Observing that while 47% of the country is protected this is the case for only 1% of the marine space, Minister Dogley talked of plans to increase the area to 30%. With Seychelles’ debt-for-nature swap programme, he said, more money will be used to finance protected areas. This will include for an ongoing project with the Islands Development Company (IDC) for some outlying islands which have never been protected before.

Minister Dogley also announced the Nature Reserves and Conservancy Bill which will be presented to the National Assembly for approval this year. The Bill, he said, will bring about the legal framework necessary to protect our biodiversity.

The Protected Areas Day is also being commemorated by an exhibition which will be opened until today at the Carrefour des Arts. It shows various actions being carried out by different organisations in favour of environment conservation in Seychelles. These include Seychelles Islands Foundation (SIF), Marine Conservation Society of Seychelles (MCSS), Green Island Foundation (GIF), Plant Conservation Action Group, SNPA, Island Conservation Society (ICS), Denis Island, North Island, the Biodiversity Finance Initiative (BIOFIN) and the Global Environment Facility programme of the government of Seychelles and United Nations Development Program (GOS-UNDP-GEF).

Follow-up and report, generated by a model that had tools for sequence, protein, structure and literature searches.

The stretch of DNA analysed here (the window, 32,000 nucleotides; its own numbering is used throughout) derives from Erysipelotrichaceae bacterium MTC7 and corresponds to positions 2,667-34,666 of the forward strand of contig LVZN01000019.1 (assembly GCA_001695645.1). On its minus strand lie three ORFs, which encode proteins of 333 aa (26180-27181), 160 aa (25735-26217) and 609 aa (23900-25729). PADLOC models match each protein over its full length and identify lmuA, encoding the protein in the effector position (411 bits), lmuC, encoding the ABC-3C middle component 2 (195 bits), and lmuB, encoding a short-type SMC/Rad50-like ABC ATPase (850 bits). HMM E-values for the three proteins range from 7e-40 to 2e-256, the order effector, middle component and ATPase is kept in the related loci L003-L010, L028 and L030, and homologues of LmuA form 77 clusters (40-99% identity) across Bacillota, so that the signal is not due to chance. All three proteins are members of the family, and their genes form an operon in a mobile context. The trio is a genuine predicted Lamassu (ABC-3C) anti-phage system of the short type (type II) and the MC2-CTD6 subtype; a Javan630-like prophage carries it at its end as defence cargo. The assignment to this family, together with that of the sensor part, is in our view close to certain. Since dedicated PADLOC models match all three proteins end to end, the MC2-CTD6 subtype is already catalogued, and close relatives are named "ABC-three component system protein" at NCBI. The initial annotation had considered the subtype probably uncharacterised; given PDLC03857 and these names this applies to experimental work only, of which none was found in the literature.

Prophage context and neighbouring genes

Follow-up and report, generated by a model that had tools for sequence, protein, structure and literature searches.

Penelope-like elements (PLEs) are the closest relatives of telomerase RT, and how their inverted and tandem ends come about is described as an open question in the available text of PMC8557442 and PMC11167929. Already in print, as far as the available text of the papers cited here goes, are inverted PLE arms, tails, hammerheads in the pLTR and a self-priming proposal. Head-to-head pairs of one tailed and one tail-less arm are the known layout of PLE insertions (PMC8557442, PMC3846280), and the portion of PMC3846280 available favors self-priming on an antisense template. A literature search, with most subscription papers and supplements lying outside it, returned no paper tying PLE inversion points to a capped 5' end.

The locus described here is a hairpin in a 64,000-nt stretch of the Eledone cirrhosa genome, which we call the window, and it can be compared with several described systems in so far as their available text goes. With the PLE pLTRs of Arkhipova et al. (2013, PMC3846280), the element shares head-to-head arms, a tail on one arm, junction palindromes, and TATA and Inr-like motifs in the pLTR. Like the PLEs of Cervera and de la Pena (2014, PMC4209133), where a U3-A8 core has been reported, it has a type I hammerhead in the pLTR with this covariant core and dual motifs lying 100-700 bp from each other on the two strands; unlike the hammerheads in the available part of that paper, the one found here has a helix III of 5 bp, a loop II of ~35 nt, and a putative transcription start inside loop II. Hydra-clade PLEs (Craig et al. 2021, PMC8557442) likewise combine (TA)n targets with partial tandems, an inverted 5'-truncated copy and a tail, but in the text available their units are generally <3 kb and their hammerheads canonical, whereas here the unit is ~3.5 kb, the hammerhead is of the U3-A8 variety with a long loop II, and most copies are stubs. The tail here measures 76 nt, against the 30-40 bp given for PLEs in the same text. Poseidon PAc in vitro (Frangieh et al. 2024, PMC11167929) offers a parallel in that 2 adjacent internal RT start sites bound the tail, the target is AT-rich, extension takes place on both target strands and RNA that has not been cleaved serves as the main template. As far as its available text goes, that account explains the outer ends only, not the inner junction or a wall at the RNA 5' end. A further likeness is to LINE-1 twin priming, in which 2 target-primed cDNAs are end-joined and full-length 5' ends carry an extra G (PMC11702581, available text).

Pas de demi-mesure, mais bien ½ million d’amende et 2 ans de prison ferme !

Après les nouveaux hologrammes de sécurité sur les nouveaux billets de banque seychellois, c’est au tour du coco-de-mer d’avoir le même niveau de protection.